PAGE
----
IN THE PRESS

Education Choices magazine, Autumn 2020

Wellington College’s Deputy Director of Admissions, Tim Head, looks at the differences between International Baccalaureate and traditional A-levels.

IB or not IB – that is the question!

Ten years ago Wellington College offered its Sixth Form students the choice of either studying for the IB Diploma or the traditional A-level programme. In that first year 37 pupils from a cohort of 220 took up the challenge; by 2020 130 pupils out of 240 elected for the IB. In that same period the average IB score of a Wellington pupil rose from 35.1 to 40.2, the maximum possible being 45. An obvious success story, for sure, but what is it about the International Baccalaureate that makes it such a popular choice for young people these days – and what are the key differences between it and A-levels?

The most obvious one is the amount of subjects that students study: while those opting for A-levels study three subjects, most often chosen from roughly the same area of the curriculum (Maths, Physics, Chemistry, for example, or History, Politics and Economics), the IB Diploma requires students to study six subjects. Depth and specialism is provided by the three subjects taken at Higher Level, breadth and range catered for by the three subjects taken at Standard Level. Within those six subjects the IB student must study Maths, English, a Science, a Language and a Humanity. In addition the student will complete an Extended Essay that combines two subjects of their choice (think mini-dissertation), an assessed course in Theory of Knowledge and take part in the Community, Activity and Service programme (CAS), which allows the student to get involved in a whole range of valuable activities outside the classroom; while not formally assessed CAS is carefully monitored and reviewed and does much to get students to think beyond themselves. Taken all in all, the IB Diploma provides a balanced, international and socially engaged education for the whole person, producing students who are very much more than the individual sum of their parts. It also requires the student to be both committed and organised: at times there can be a lot of plates that need to be kept spinning!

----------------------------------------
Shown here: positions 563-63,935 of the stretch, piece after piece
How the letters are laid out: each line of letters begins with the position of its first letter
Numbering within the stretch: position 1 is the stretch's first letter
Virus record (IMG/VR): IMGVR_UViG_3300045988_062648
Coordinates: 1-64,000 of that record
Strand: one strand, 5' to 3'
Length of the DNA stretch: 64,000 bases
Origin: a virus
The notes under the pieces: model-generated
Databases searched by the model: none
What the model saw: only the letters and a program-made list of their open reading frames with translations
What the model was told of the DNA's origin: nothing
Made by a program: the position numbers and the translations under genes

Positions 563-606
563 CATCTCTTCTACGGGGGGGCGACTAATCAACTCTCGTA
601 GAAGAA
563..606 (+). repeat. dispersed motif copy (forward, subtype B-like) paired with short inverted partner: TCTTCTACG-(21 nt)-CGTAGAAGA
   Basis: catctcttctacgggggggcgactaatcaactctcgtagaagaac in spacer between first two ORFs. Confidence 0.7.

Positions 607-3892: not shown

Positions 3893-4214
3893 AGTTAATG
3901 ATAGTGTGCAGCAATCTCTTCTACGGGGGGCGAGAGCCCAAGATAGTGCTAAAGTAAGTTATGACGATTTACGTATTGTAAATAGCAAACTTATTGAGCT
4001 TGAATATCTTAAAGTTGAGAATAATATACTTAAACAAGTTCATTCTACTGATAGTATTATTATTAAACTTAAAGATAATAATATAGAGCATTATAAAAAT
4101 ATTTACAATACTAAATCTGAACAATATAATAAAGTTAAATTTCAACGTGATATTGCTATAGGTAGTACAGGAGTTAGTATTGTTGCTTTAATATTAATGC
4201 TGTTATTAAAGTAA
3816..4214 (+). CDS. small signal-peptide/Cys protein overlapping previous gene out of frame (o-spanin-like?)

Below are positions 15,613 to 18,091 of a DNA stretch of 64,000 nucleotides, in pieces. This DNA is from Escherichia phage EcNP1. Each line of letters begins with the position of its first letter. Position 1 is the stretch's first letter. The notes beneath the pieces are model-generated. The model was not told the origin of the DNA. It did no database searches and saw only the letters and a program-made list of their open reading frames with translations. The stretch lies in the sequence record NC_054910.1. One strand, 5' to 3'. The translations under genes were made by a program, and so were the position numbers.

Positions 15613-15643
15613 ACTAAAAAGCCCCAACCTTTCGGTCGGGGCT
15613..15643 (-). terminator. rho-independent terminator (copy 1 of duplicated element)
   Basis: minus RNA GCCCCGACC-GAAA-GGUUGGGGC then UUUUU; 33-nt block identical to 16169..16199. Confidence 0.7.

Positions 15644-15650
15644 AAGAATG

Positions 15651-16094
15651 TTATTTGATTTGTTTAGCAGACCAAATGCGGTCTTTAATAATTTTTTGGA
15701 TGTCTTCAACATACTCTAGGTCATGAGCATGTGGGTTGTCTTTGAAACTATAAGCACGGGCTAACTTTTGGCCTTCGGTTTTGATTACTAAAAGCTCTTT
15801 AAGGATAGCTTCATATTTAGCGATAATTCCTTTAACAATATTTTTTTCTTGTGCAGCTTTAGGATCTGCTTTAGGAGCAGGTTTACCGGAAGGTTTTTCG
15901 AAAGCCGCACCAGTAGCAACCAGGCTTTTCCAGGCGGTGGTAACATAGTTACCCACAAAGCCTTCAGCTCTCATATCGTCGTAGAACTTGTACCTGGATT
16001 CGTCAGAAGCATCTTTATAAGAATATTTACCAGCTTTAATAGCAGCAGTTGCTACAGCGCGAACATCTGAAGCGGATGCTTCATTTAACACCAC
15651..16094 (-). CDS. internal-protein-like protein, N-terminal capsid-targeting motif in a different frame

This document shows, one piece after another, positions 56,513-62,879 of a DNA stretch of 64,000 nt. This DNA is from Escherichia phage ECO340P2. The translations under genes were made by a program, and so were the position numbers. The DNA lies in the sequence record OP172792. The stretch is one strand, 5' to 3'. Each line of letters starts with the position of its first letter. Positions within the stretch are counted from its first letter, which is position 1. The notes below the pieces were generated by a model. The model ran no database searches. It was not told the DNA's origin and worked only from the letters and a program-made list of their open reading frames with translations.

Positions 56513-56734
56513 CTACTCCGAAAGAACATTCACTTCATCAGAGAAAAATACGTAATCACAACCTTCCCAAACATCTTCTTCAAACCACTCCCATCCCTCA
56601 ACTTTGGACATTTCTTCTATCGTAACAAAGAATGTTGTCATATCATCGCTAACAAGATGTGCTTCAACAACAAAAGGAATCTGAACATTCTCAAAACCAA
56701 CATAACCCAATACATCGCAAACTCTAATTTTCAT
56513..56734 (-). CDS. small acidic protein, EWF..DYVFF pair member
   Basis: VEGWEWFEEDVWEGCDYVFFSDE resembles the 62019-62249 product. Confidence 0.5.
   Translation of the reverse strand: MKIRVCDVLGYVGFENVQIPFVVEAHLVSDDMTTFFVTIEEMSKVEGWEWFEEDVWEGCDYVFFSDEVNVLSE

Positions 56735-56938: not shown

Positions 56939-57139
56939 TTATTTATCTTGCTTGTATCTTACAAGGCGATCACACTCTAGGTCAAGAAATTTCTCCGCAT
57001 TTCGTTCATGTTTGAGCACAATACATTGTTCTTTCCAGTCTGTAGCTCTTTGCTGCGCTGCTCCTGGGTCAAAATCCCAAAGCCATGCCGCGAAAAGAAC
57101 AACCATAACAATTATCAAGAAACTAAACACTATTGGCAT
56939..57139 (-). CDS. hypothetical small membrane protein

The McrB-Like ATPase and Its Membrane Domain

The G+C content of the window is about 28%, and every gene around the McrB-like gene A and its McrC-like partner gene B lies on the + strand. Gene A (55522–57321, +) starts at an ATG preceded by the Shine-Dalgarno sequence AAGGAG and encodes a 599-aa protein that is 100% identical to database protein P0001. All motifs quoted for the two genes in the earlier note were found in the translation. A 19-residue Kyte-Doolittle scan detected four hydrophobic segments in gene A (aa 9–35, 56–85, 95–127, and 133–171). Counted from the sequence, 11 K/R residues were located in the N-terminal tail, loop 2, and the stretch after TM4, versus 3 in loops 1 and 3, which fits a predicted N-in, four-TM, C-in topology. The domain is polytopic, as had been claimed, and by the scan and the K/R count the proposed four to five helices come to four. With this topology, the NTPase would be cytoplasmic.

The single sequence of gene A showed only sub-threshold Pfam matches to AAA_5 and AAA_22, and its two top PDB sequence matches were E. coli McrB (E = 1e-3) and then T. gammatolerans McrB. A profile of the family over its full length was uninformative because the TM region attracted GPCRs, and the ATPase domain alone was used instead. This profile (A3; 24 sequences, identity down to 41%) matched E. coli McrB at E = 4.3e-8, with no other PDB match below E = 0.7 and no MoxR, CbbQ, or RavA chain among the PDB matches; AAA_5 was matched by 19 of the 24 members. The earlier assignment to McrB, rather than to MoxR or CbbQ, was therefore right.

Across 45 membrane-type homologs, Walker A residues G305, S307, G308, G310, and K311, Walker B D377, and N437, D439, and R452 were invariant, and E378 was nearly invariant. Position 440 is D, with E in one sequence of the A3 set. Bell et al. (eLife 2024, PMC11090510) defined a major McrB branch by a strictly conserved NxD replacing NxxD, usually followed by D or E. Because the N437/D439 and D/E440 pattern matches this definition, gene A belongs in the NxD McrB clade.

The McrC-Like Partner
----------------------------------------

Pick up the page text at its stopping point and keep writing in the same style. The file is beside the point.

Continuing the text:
An IB English class at Wellington College

An IB English class at Wellington College

On the surface it seems therefore that the IB is not an ideal choice for any student wanting an easy life, so what is it that makes it an increasingly popular choice at a school like Wellington which now sees roughly 50% of its Sixth Formers opting for it? Many enjoy the wide open nature of the curriculum: it is not just that they might feel that 16 is too young to narrow their educational gaze, but also they enjoy the emphasis the IB places on independent study and the development of critical thinking. There are good practical reasons as well: over the last 20 years or so there has been no IB grade inflation world-wide so the qualification is increasingly seen by UK, US and European Universities as genuinely ‘gold standard’. In particular Wellington has seen a noticeable link between increased take up of the IB and an increase in US University applications, where the US Liberal Arts route follows on organically from the eclectic and varied nature of IB subject choice.

Consequently universities make generous offers to IB candidates, as they recognise the rigour involved with the course: they know that an IB score of 38 means they have a good student on their hands, and that anything over 40 probably means a great one. But most importantly students choose the course because deep down young people enjoy being busy, they enjoy engaging with the life of the mind and they enjoy the fact that learning doesn’t end the moment they leave the classroom. Studying for the IB helps break down artificial barriers between subjects, encourages diversity of thought and allows for important connections to be made. Without being ridiculously stereotypical it helps Humanities students apply logic and produces scientists who think and feel. The international and outward looking nature of the IB has much to offer, and perhaps is a qualification that does more than most to equip the leaders of tomorrow with independence of thought and a desire to make the world a better place.

Published November 2020

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